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IRAQ WAR -
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US officials misplace $11.4bn

Posted in the database on Friday, February 04th, 2005 @ 01:40:19 MST (2708 views)
by Staff    Reuters, AFP  

Untitled Document WASHINGTON: The post-invasion US governing authority in Iraq lost track of $US 8.8billion ($11.4billion) it transferred to government ministries in a black hole of fraud, kickbacks and misappropriation, according to an official US audit released yesterday.

The report of the US Special Inspector-General for Iraq Reconstruction was scathing in its criticism of how the Coalition Provisional Authority handled Iraqi money until it handed power to the interim Government last June.

"The CPA provided less-than-adequate controls for $US8.8 billion in DFI (Development Fund for Iraq) funds provided to Iraqi ministries through the national budget process," the report said.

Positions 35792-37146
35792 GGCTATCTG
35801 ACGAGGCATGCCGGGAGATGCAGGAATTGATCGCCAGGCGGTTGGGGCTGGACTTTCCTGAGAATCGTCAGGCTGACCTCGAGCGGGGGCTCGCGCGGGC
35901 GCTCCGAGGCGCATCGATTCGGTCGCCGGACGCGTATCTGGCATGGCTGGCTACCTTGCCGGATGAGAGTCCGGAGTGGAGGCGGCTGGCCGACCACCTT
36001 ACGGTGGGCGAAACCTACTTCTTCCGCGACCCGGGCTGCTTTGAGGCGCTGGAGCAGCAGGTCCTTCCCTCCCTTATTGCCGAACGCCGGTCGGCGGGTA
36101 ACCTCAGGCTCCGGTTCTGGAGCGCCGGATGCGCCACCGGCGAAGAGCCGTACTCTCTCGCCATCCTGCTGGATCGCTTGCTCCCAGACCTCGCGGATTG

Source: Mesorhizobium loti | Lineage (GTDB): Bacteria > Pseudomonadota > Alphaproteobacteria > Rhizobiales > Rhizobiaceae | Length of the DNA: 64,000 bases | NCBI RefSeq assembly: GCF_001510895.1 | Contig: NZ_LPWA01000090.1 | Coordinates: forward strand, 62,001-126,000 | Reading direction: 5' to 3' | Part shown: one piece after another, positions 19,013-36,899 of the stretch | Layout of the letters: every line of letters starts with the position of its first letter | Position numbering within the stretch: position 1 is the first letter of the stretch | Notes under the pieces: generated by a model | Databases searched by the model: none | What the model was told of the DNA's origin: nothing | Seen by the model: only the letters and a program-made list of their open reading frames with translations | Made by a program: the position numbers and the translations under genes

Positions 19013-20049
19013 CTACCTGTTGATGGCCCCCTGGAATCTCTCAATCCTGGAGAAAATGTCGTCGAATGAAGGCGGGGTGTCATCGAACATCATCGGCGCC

"We believe the CPA management of Iraq's national budget process and oversight of Iraqi funds was burdened by severe inefficiencies and poor management."

DFI is made up of proceeds from Iraqi oil sales, frozen assets from foreign governments and surplus from the UN oil-for-food program.

The report said the CPA, headed by Paul Bremer, failed to ensure funds were not used to pay "ghost" employees and cited one example in which officials authorised payment for 74,000 guards but only a fraction of these could later be proven to exist.

A review of 10 payments -- ranging between $US120million and $US900 million -- made by the CPA between October 2003 and June last year found none included documentation such as budget spending plans.

One of the main benefactors of Iraq funds was Vice-President Dick Cheney's former company Halliburton, which was paid about $US1.7billion to bring in fuel for Iraqis.

Mr Bremer rejected the audit findings.

"The draft report assumes that Western-style budgeting and accounting procedures could be immediately and fully implemented in the midst of war," he said in a statement.

Mr Bremer said any delays in paying Iraqi public servants' salaries would have raised the security threat to Iraqis and Americans and cost more lives.

But the report said: "The fact the Iraqi ministries ceased to or had never functioned, lacked basic tools and operated in a cash economy was precisely why the CPA should have provided oversight of the financial management of the funds."




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